When cows are genetically wired to produce more than 150 lb. of milk per day within weeks of calving, any slight deviation in transition cow pens, bunk space or nutrition can short out best laid plans.
Just ask Kyle Levetzow. He, with his wife AmyBeth, milk 300 cows near Dodgeville, Wis., about an hour west of Madison. They thought they had their transition program figured out after fine-tuning facilities and rations for the past four or five years.
But over-crowding this winter, mostly a result of breeding success last year, and ration tweaks to a control dietary cation anion difference (DCAD) and straw diet brought them back to reality. “We had a slug of milk
fevers and displaced abomasums (DA),” Kyle says. DAs shot up to seven per month in January and February. They had just six in all of 2015.
Kyle’s dairy journey started in 2002, when he started milking on his own. He bought out and moved to his parents farm in 2006.
Prior to the move, he had been milking 60 cows in a tie stall barn. His parent’s facility had 170 mattress freestalls over a slotted floor and milked in a 16-stall rotary. To keep that facility at full bore, he calved all the cows and heifers at another facility.
That caused its own set of problems because the dry cows simply weren’t receiving the hourly attention they should. So in early 2011, he added 130 sand-bedded freestalls at the home place. And in the fall of 2011, in the second phase of the expansion, he added a 72' x 30' bedded pack pen for his pre-fresh group.
A 60' neck rail, rather than headlocks, is used at the bunk. That gives enough space for 25 to 27 head to eat at once, though it’s slightly less than the 30" of bunk space generally recommended for pre-fresh groups.
Then, in the spring of 2013, he redesigned his post-fresh pen adjacent to the parlor. Prior to the
remodel, he had 18 freestalls and not enough bunk space. The remodel pushed the post-fresh group to 25 stalls and 25 headlocks. He also splurged on high-end, $300 mattresses. Sand bedding was not an option since the fresh pen has slotted floors.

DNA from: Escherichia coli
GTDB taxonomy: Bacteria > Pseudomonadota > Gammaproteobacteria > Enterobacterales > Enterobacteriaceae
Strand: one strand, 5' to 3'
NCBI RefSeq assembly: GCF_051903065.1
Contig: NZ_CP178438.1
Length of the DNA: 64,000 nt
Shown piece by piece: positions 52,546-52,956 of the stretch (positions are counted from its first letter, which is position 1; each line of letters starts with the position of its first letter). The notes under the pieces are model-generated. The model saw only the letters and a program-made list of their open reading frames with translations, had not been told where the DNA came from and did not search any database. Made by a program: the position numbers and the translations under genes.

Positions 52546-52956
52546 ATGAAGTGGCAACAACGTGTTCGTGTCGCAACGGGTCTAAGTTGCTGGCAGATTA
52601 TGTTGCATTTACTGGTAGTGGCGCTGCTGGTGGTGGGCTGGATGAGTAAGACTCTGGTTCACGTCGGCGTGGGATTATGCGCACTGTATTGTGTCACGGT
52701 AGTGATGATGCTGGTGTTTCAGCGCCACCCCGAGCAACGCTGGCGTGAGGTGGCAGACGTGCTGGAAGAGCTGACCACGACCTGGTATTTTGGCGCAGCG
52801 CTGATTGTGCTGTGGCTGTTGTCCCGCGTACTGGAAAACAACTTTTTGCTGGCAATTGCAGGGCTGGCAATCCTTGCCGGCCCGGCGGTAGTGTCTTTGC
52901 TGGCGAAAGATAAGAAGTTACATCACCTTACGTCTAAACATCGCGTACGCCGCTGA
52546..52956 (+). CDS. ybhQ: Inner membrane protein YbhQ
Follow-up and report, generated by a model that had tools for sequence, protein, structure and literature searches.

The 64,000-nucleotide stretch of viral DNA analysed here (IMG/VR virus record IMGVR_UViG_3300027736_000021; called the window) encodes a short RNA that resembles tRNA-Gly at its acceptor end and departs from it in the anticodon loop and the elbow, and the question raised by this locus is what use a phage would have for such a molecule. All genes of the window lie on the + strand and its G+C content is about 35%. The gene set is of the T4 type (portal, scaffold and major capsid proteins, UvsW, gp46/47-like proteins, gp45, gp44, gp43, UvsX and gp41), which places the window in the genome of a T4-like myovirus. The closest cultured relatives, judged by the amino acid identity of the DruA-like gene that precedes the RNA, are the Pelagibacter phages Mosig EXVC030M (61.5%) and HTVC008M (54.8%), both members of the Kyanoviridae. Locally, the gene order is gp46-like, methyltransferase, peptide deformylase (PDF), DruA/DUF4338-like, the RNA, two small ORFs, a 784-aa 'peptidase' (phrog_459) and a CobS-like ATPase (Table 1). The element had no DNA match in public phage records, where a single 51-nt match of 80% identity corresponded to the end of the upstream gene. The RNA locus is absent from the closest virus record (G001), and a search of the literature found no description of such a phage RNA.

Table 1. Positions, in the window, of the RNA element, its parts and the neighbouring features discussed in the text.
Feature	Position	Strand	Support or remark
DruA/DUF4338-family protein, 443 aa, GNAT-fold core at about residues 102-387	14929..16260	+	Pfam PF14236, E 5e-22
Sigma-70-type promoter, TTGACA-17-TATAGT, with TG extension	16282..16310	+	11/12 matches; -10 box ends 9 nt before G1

“We try not to run this pen to full capacity, and we try to keep it at 20 animals,” Kyle says. “We try to keep cows in the post-fresh pen for three weeks, and some will stay as long as 30 days if we feel they’re not quite ready to be moved. And if we get a calving slug, we will move out cows that are eating and milking well a day or two early.”
The chart at left shows Levetzow’s progress with the facility changes. “The report compares Kyle’s herd performance to all other AgSource herds of like size and lets Kyle know if he’s ‘keeping up with the Joneses,’ so to speak,” says Lisa Behnke, with AgSource.
From the chart, it’s clear the new pre-fresh and post-fresh pens made a difference. Kyle’s herd went from being well below average on Transition Cow Index and pregnancy rate to now being at the 80th percentile for both.
But, stuff happens. In 2013, Kyle switched from doing his own heat detection and AI to contracting with CRI for its “walk and chalk” program. He’s now achieving a nearly 40% pregnancy rate, with sexed semen no less, on his heifers. Pregnancy rate on the cows is 20% to 22%.
That rate of reproductive success led to a slug of freshenings this past winter, when Kyle and his nutritionist decided on a DCAD/straw-based diet in the pre-fresh group.
The combination of the ration change and over-crowding led to reduced dry matter intakes, Kyle says. That, in turn, led to the milk fevers and DAs.
“We’ve since changed the diet. We’re still trying to minimize potassium, but we’re no longer adding the salts,” he says. “That seems to have alleviated the problems.”
Levetzow’s post-fresh protocol relies on close cow observation. Any cow in the fresh pen down on milk in the morning will be added to a watch list. She’s checked for lethargy and discharges, and temped if necessary.
These suspect cows are closely watched for milk fever and DAs. Levetzow has also started using a blood ketone test to monitor for ketosis.
Kyle credits much of his fresh cow success to vigilant employees, particularly his assistant herdsman, Wilfredo Gutierrez.
“Wilfredo started here six years ago as a milker, and has grown into his role,” he says.
“A lot of herd management is getting the right people in place, and once you have them, it’s better to promote from within,” he continues.
The tank average is now 98 lb. per cow per day. That’s up from 90 lb. this past year and 86 lb. in 2013. Total solids sold per cow per day are now more than 6 lb.